What is Self Care?
‘Self care’ is a phrase you’ve probably come across, but what does it really mean?
Judging by what we see in adverts or on social media, you might think it’s all about candles, yoga and luxury bath bombs. You might think it costs a lot of money and takes a lot of time. And you might feel like it isn’t for you. But what is it really all about?
In its simplest form, self care is just the little things you can do to look after your own physical and mental health. It’s about trying to listen to how you are feeling and understanding what you need, even if it’s difficult, so you can look after yourself, family, friends and people you care for.
This could mean taking timeout when you’re feeling overwhelmed; it could mean making time to do an activity that you know makes you feel good; or it could be as simple as making sure to do the basics like eating and sleeping well.
Most people can take care of themselves when they have a sore throat or cough rather than visiting their GP, while pharmacists can help by giving advice on over-the-counter medicines to treat some symptoms.
Where can I go for Self Care advice?
There is lots of information available to support you and to help you manage your health and care.
If you register for the NHS App, as well as allowing you to access a range of NHS services, order repeat prescriptions, book and manage appointment. Here you can find a complete guide to conditions, symptoms and treatments, including what to do and when to get help, as well as the A – Z of Health and Medicines .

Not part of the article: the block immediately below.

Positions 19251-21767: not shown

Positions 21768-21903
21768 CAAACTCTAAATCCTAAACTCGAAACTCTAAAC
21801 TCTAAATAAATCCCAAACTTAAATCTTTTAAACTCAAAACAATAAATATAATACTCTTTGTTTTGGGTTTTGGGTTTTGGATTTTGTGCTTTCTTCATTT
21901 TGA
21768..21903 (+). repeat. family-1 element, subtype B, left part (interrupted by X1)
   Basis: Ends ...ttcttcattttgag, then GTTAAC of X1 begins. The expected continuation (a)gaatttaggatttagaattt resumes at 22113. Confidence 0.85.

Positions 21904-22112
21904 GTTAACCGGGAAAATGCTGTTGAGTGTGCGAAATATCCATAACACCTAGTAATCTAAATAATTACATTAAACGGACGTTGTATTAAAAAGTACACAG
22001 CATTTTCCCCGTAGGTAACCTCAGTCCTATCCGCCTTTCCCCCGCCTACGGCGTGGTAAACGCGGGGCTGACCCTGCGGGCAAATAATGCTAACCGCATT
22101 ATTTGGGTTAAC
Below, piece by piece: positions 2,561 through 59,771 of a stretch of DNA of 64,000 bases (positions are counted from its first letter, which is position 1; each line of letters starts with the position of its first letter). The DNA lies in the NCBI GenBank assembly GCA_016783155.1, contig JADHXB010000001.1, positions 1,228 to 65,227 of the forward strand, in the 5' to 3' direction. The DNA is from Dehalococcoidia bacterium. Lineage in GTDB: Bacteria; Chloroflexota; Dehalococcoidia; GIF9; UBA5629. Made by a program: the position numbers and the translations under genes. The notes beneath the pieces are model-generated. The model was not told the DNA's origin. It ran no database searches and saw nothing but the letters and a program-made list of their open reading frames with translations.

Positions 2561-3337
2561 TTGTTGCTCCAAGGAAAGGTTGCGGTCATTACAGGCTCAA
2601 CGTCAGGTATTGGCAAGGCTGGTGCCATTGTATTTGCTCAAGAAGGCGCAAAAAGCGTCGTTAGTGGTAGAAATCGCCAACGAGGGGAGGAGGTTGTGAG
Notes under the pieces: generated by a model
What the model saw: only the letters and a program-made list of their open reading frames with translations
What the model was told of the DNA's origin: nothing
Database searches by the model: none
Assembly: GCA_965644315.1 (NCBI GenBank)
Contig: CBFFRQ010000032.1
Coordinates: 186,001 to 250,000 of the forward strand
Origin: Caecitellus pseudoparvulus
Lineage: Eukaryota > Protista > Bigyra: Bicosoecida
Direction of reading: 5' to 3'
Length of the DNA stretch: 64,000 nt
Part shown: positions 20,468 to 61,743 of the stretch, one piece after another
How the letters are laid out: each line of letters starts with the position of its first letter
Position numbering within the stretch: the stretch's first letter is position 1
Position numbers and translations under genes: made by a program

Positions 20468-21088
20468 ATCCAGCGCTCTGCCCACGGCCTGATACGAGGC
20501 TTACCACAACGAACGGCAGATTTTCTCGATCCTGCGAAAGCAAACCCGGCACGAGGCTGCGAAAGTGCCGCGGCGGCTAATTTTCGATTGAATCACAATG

This provides a complete guide to conditions, symptoms and treatments, including what to do and when to get help, including an A – Z of Health and Medicines .
Your local pharmacist can support you and your family when you are feeling unwell.
Pharmacists can advice you on many common illnesses. They are trained to offer health advice including which medications will help or treat your symptoms and can suggest when you need to see your doctor.
Many pharmacies are open late into the evening and at the weekend, allowing you to walk in and ask for advice at a time that works for you and without the need for an appointment.
Your GP can longer give you a prescription for medicine that is widely available to buy over-the-counter at a pharmacy or supermarket. For minor conditions you can ask your pharmacist for support and/or specialist advice. The poster below explains more including a list of minor conditions you can safely treat yourself (or download the leaflet for more information). Items bought from your pharmacy are usually much cheaper than the prescription charge from your GP.
Watch this film for more information on over-the-counter medicines.
If you think you need medical help right now, 111 online can tell you what you need to do. You can complete a health assessment online by answering a series of questions about your condition. It will answer questions about your symptoms, and direct you to self-care advice or appropriate medical services. If you need NHS support they can book you an appointment with an urgent care service, such as an out-of-hours GP or an emergency dentist.
As well the online service, you can call 111 and receive the same NHS support on the telephone.
This service is free and available nationwide 24/7.
Self Care Information Leaflets
There are a range of conditions that you can treat and manage yourself. The Self Care leaflets below may help you.